Congressman Mike Capuano Talks Politics
BY JAMES BONNEAU // OCT. 7, 2015 //
Congressman Mike Capuano visited campus on Tuesday to speak to 130 members of the Curry community about communication and civic engagement. Playing on over a decade’s worth of political experience, Capuano expressed many opinions about America’s present as well as many hopes for America’s future.
Capuano was elected to Congress in 1998 and has served over a decade in the House of Representatives. Before being elected to Congress, Capuano served as the Mayor of Somerville, Mass. from 1990-1999.
After explaining his background, Congressman Capuano explained how the term “politician” has changed over his career. According to Capuano, the word politician now has a negative connotation and it’s due to the press’ mass coverage of corrupt politicians.
However, Capuano hopes to serve as an example of how a politician should serve citizens. Capuano is a politician who “gets out of bed and goes to help,” refusing to ignore the needs of the people he represents and serves.
Congressman Capuano is a Democrat, but he is fiscally conservative. If a program is needed, it needs to be paid for. As he repeated numerous times, “there is no such thing as free.” Capuano believes that paying for state programs helps to teach taxpayers financial responsibility. Everyone is held accountable.
According to Capuano, “Every single day is a compromise and nothing gets changed without compromise.” As a fiscally conservative Democrat, it is often difficult for Capuano to find common ground with his fellow congressmen and congresswomen. However, if politicians are unwilling or unable to collaborate, it leads to a lot of trouble and inefficiency. Capuano firmly believes that working with others and sharing ideas is how problems are solved efficiently.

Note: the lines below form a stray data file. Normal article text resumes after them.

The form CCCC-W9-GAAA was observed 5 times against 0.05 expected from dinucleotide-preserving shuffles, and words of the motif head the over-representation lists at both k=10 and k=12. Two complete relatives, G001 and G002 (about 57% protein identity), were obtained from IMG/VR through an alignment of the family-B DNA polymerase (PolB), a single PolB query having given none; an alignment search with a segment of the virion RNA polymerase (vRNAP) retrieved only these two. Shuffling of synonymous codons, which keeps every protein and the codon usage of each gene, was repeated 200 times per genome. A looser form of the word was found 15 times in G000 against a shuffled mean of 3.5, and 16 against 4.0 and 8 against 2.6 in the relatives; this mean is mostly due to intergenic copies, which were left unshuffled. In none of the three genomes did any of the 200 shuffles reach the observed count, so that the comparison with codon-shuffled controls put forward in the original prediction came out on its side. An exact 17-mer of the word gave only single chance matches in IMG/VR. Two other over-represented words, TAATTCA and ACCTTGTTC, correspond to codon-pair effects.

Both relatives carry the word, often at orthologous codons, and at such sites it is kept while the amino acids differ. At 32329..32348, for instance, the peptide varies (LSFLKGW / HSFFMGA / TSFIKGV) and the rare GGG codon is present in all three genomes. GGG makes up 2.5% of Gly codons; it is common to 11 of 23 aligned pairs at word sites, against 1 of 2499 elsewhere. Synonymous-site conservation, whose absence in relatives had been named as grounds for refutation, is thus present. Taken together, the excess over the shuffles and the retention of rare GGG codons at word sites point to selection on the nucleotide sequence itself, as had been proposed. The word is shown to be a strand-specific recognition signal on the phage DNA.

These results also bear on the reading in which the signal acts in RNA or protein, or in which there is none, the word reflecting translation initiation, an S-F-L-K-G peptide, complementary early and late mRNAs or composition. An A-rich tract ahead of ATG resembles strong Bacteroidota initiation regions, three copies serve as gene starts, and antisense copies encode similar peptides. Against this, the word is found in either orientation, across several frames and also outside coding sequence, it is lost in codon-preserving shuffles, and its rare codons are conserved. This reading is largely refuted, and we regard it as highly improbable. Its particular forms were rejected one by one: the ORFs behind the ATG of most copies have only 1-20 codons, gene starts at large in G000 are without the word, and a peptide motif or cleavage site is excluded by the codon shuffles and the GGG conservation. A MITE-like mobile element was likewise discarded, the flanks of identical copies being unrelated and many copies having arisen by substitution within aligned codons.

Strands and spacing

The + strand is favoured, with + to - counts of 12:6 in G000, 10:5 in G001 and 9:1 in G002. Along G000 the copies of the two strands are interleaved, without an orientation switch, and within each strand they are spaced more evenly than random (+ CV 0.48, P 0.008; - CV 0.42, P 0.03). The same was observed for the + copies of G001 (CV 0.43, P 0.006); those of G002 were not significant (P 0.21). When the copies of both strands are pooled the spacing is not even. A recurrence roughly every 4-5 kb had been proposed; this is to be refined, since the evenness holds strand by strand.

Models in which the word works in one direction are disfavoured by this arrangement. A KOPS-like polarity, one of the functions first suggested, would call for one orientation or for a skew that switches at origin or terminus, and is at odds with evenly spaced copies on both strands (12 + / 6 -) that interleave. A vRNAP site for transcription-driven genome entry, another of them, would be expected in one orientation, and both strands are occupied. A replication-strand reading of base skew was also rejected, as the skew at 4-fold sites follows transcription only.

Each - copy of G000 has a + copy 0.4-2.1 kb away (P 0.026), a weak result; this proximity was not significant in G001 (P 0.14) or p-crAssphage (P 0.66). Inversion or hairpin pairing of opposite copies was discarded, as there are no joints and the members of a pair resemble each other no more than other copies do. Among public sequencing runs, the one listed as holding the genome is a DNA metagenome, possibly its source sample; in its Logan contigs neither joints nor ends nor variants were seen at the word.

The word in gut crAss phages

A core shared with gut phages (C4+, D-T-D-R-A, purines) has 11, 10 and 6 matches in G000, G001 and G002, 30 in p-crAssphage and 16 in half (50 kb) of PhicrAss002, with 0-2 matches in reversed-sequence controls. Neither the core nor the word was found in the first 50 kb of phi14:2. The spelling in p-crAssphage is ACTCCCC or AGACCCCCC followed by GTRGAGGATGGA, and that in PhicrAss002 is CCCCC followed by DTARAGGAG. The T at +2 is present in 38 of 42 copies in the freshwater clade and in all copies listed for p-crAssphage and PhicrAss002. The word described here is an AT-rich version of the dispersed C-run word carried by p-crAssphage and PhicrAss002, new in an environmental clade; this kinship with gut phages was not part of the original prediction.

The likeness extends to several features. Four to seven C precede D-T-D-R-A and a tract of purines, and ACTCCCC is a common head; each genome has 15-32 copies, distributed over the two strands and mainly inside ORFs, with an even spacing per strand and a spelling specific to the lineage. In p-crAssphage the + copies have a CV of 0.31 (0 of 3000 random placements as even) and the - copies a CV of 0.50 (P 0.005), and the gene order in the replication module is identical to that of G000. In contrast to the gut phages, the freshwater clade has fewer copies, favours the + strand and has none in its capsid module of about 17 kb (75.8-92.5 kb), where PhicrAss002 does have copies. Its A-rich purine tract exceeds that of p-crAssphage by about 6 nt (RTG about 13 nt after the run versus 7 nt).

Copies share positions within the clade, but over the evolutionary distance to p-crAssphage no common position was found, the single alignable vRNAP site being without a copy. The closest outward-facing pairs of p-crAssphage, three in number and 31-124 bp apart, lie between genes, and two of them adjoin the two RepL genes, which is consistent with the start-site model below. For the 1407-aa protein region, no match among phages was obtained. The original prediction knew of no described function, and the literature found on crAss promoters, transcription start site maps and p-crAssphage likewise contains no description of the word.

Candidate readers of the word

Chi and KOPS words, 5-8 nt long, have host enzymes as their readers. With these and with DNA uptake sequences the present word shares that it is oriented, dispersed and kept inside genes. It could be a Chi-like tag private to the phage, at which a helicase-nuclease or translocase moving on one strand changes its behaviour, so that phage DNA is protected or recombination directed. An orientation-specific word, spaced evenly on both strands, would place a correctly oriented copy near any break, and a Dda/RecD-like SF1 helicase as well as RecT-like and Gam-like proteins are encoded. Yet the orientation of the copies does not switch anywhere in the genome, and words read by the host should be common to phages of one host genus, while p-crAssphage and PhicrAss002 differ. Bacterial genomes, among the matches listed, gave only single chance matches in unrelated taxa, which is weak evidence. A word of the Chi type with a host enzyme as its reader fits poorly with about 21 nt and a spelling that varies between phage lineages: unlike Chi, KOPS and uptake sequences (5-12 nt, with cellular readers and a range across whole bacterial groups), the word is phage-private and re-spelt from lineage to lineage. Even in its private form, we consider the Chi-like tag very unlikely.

Capuano asked the room, “Who has served in the military?”
Not one person raised their hand. Visibly disappointed by the lack of hands, Capuano said, “The military is becoming something someone else does.” Instead of every American willing to fight for their country, it has become a job that many depend on others to do for them. If Capuano were president for the day, he would instate universal military employment, which would call for every American citizen to serve in the military.
Still on the topic of the military, Capuano’s attention turned to America’s presence in the Middle East. He stands by the decision to fight in Afghanistan, but does not believe that the war in Iraq was morally just.
Capuano said, “America does not have the power to affect change in the Middle East without help from Europe.”
The last issue Capuano addressed was the topic he was initially invited to speak on – the media.
As mayor, Capuano was told to avoid the media as much as possible. When the media would enter the scene, Capuano would leave the scene. Now, media is unavoidable, especially social media. Capuano is particularly unimpressed by Twitter.
Capuano said, “I have never seen an intelligent thought expressed in 140 characteristics.”
Sophomore Communication student Molly Fanikos was shocked by Capuano’s stance on social media.
“I would think that a politician couldn’t afford to stay away from social media,” Fanikos said, “That’s how politicians are really able to connect with young voters.”
Fanikos was very against the idea of universal military employment and said that distracted her from the rest of what Capuano was trying to say.
“I think everyone should have a choice about what they do in life. That’s the appeal of the American Dream,” Fanikos said, “I would hate to grow up knowing my future has been planned out for me.”